December 3, 2008
This was the airport over Thanksgiving weekend:
That's the International terminal of LAX with nobody and I mean NOBODY in line, no one jostling through baggage screening, no one at all. I had to take a picture because HOLY RECESSION BATMAN!
Then I took a picture of my baggage because I am most amazed at myself for being able to actually go anywhere for more than six hours without needing a sherpa. Usually I pack a huge suitcase and need to pay for a camel and a guide. That's my teensy carryon, my coat, and my shoulder bag with my little grey pillow inside its little grey case. I like those neck pillow thingies, I know inflatable ones are easier to carry but I like my smooshy one.
So I conquered a tiny piece of Europe in a wee few days with my magical carry-on. And I used most of the luggage space for my handknit wool scarf that I have never once worn because newsflash -- I live in Los Angeles -- but I was willing to forgo three extra cute tops for one hulking scarf of my own making. More on that later.
In my carryon shoulder bag I usually pack a book, my notebook for scribbling, ipod and headphones, camera, and a smaller traveling purse tucked inside the middle part that holds all my normal purse stuff and money and passport. In another compartment I have my stupid 3-ounce liquids in the stupid magic ziploc of defense, and I leave some room in the bag so later I can buy some bottled water and I usually bring at least one little snack, this time it was an energy bar. You've already seen the pillow bag which in addition to my mini-pillow also holds an eyeshade, earplugs and little ziploc with these soft slippers that fold up very small. I found them at Target for $2 on clearance and I always taken them on the plane so I don't have to sully my socks. When I get home I can just throw them in the wash. I hate walking into the airplane bathroom in my socks. EEEEWWWW.
I am not a low-maintenance gal, I suspect.
But truly I love airplanes, which makes me probably certifiably insane. I love them. I love traveling, I love going to the airport. I've always been this way and maybe it's because I grew up in a town so small we were outnumbered by chickens and I never thought I would end up being a girl who has seen anything and so every time I get on an airplane I still feel like it's a little magic. My parents think I am silly and remind me they took me to California and Mexico when I was a teenager and that I am not from a barn but you know, I guess I always felt smalltown. Truth is I am smalltown, even in Los Angeles, because it's just a part of me. Maybe that's why traveling never gets old.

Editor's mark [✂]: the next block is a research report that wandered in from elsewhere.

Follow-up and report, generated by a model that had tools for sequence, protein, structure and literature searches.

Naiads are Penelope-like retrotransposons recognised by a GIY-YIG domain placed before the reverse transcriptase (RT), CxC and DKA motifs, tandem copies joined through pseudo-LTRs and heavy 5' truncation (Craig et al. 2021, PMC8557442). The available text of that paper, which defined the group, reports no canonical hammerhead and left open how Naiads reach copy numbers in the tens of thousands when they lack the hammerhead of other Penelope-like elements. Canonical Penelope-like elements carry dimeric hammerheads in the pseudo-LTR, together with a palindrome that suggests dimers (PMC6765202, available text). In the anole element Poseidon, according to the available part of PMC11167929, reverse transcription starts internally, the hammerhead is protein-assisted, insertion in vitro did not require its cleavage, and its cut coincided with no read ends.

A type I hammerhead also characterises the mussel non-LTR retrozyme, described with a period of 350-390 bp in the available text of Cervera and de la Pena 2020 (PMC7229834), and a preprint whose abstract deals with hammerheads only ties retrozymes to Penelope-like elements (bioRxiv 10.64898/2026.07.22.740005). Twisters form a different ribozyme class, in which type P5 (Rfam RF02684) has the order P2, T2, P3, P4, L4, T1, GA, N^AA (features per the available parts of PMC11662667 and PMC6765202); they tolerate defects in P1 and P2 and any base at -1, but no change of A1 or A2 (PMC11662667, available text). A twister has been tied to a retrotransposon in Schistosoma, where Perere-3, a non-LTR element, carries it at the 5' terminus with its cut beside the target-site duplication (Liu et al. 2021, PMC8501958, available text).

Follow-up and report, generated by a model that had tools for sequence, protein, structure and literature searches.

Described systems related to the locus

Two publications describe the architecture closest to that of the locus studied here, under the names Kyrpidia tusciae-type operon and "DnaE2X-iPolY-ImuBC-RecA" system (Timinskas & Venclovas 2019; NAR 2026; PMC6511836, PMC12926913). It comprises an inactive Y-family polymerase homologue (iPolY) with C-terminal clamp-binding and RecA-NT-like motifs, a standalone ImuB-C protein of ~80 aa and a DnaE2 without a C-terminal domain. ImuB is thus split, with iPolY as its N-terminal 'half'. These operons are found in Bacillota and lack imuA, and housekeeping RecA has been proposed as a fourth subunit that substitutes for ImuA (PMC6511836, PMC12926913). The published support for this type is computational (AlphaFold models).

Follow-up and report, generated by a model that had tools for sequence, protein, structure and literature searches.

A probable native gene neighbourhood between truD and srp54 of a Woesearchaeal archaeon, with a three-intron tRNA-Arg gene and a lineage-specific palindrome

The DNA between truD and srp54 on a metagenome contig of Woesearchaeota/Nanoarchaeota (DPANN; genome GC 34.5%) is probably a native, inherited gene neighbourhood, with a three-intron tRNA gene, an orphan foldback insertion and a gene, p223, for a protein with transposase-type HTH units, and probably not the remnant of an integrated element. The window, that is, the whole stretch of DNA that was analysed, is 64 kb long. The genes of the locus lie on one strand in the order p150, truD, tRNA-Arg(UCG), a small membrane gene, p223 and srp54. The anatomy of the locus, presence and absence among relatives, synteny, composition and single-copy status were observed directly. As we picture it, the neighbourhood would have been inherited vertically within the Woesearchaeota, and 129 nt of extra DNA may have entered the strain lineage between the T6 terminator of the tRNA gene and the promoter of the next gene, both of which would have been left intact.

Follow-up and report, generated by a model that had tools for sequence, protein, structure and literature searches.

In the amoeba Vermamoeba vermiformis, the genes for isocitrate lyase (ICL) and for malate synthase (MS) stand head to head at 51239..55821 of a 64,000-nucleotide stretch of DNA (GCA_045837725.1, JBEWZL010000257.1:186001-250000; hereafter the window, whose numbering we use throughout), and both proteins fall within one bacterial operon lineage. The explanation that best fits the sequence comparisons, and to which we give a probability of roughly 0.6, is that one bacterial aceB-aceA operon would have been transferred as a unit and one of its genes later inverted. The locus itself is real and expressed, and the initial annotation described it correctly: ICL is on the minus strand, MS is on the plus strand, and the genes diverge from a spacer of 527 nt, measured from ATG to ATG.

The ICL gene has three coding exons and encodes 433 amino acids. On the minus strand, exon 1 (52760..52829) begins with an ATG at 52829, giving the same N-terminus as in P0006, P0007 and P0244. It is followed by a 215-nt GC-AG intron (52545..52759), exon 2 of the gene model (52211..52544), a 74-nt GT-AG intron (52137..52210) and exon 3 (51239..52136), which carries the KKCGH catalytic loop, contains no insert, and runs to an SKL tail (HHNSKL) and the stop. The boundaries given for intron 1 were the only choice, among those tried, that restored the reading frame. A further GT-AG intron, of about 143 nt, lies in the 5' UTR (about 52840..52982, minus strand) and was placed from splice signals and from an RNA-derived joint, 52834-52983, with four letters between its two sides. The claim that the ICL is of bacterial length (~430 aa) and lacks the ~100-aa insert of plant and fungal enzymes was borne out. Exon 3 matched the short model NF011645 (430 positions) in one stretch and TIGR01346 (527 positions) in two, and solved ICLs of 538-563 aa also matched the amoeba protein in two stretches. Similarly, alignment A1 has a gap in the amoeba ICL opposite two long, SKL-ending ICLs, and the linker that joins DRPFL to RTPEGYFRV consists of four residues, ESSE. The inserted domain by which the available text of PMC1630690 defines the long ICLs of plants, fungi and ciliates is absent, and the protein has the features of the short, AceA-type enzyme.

And so I arrived at Heathrow and went to use the facilities which is why my very first official picture in London was this:
Pictures in airport bathrooms. God I am classy. Also, in America we call these "mints" but in British they say "chewable toothbrush" apparently.
Here is my hotel room:
Small but cute and clean, and I got a GREAT deal by using this website, LateRooms.com. I had never used the service before but now I can recommend it, at least for me it worked out perfectly.
This is the loo but it looks just like a bathroom to me....
Note to self. Turtleneck not flattering. But warm!
It was VERY COLD in this London place, which I thought I would like what with my already perfectly insulated body but even with a T-shirt, turtleneck sweater, gloves, coat and fabooscarf it was COLD! I was so happy to wear my enormous scarf that I didn't even care my nose was freezing off my face: